MADISON, Wis. — State Supreme Court candidate Dan Kelly has the opportunity to stand up for Wisconsin voters by calling on his right-wing allies to drop a lawsuit intended to force a voter roll purge. If the legal action succeeds, tens of thousands of legal voters could have their registration erroneously deactivated in advance of the Spring 2020 elections. The case is being brought by the Wisconsin Institute for Law and Liberty (WILL), with whom Kelly has been closely associated.
“This voter roll purge will result in legal voters having their registrations erroneously deactivated,” said One Wisconsin Now Executive Director Analiese Eicher. “It’s a simple choice for Dan Kelly. He can speak up and support fair elections by denouncing his allies’ attempt to purge voter rolls, or he can do nothing and show he does not.”
In 2017, the voter list maintenance program incorrectly triggered the removal of tens of thousands of Wisconsin voters from the rolls. According to media reports, 21,000 City of Milwaukee voters, nearly half of the city residents flagged for removal, had their registrations restored because it was determined they had not moved.
With the latest round of list maintenance, the Wisconsin Elections Commission has extended the period for voters to either update their registrations to reflect a new address or notify the commission that they have not moved until after the 2020 election cycle. The largest numbers of voters flagged to receive the most recent Election Commission mailing are in Milwaukee and Madison.
The lawsuit brought by WILL, on behalf of plaintiffs who have donated thousands to right-wing candidates and causes, would force the Elections Commission to instead purge voters within 30 days, prior to the Spring 2020 elections. Members of the Board of Directors of WILL donated thousands of dollars to the campaign of State Supreme Court Justice Dan Kelly when he was deciding a controversial case in their favor. Kelly also served as a member of a committee advising WILL on litigation strategy and worked for a right-wing foundation that has provided over $1 million in funding for WILL.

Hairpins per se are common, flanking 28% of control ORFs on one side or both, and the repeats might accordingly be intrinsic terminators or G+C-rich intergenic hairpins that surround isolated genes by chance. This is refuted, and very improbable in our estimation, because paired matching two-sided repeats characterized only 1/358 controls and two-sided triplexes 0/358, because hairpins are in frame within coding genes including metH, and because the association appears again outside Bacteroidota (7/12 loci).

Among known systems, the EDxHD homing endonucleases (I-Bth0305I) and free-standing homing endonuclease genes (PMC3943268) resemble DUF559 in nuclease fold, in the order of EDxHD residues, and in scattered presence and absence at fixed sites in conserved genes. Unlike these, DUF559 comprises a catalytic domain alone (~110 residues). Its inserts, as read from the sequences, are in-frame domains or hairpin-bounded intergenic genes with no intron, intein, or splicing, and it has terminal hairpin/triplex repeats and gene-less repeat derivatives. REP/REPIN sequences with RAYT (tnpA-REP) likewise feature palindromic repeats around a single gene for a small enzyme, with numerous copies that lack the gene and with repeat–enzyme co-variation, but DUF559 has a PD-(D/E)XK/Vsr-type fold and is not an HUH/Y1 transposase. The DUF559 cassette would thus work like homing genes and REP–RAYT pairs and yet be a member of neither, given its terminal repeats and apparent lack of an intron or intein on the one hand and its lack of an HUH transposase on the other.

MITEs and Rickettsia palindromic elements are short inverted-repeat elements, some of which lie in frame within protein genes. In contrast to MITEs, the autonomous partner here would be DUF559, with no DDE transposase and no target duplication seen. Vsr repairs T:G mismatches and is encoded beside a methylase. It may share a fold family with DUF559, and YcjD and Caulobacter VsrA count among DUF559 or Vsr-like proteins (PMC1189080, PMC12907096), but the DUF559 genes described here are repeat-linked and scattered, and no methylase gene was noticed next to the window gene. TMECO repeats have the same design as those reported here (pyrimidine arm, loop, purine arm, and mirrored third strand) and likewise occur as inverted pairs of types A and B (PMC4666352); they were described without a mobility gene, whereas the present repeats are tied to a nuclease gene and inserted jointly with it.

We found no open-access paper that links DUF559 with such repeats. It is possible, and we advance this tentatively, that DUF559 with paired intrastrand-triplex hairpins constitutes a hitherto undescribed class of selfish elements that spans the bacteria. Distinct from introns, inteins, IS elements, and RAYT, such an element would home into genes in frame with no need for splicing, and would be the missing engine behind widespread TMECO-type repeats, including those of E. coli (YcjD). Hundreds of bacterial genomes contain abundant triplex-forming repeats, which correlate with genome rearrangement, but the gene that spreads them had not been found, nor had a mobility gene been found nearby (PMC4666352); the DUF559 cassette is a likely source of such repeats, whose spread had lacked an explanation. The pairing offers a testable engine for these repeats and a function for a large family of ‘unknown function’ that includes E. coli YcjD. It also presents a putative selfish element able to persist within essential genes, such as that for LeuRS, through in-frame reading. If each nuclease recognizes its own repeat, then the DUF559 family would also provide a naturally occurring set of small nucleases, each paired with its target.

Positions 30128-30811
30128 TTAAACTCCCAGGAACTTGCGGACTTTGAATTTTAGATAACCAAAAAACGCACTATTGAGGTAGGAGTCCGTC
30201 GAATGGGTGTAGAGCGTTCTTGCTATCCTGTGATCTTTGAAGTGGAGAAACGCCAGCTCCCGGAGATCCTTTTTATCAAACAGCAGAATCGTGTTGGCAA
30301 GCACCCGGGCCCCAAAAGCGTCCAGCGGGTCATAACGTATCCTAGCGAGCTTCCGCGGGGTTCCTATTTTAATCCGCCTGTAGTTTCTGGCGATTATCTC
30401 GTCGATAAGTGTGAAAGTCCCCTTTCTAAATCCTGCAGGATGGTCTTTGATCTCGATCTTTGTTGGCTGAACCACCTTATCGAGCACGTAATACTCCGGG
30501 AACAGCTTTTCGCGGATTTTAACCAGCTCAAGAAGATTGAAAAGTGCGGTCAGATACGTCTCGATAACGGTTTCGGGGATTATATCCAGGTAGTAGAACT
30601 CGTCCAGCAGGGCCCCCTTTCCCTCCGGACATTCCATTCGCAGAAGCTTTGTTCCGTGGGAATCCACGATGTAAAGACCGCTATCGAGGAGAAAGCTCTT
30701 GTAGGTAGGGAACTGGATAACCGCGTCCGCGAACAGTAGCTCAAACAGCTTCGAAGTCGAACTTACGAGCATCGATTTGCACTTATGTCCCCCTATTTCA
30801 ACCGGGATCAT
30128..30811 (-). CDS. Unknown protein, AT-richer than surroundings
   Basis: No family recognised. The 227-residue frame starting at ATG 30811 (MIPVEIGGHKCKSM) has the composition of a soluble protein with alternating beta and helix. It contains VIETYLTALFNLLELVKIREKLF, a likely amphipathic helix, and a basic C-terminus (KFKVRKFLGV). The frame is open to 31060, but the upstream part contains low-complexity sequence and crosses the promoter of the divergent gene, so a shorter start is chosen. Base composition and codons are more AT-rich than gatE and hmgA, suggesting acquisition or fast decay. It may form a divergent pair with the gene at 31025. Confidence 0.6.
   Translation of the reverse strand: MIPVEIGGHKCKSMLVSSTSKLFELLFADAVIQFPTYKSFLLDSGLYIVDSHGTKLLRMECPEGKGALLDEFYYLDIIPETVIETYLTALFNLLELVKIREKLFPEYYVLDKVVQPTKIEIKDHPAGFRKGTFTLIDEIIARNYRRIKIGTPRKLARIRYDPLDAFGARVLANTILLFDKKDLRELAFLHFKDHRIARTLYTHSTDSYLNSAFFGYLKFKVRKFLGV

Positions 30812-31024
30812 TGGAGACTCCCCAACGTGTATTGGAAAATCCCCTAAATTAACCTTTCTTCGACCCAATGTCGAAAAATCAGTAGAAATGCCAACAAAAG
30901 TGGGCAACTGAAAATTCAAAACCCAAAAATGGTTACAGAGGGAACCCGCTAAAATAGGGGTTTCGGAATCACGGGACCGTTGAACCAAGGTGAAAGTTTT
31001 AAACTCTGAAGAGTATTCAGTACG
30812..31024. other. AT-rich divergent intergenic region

Eicher noted this is not the first time the right wing in Wisconsin has sought to make voting harder and more complicated to give try to give themselves an electoral advantage. In a federal voting rights lawsuit brought by One Wisconsin Institute and other voting rights advocates a former state legislative aide testified under oath that some Republican legislators were “giddy” at the thought of their efforts reducing voting by people who tended to oppose them.
In striking down restrictions on early voting enacted by the GOP-controlled legislature and signed by the then Republican governor, the judge in the case found that they were intentionally discriminatory on the basis of race.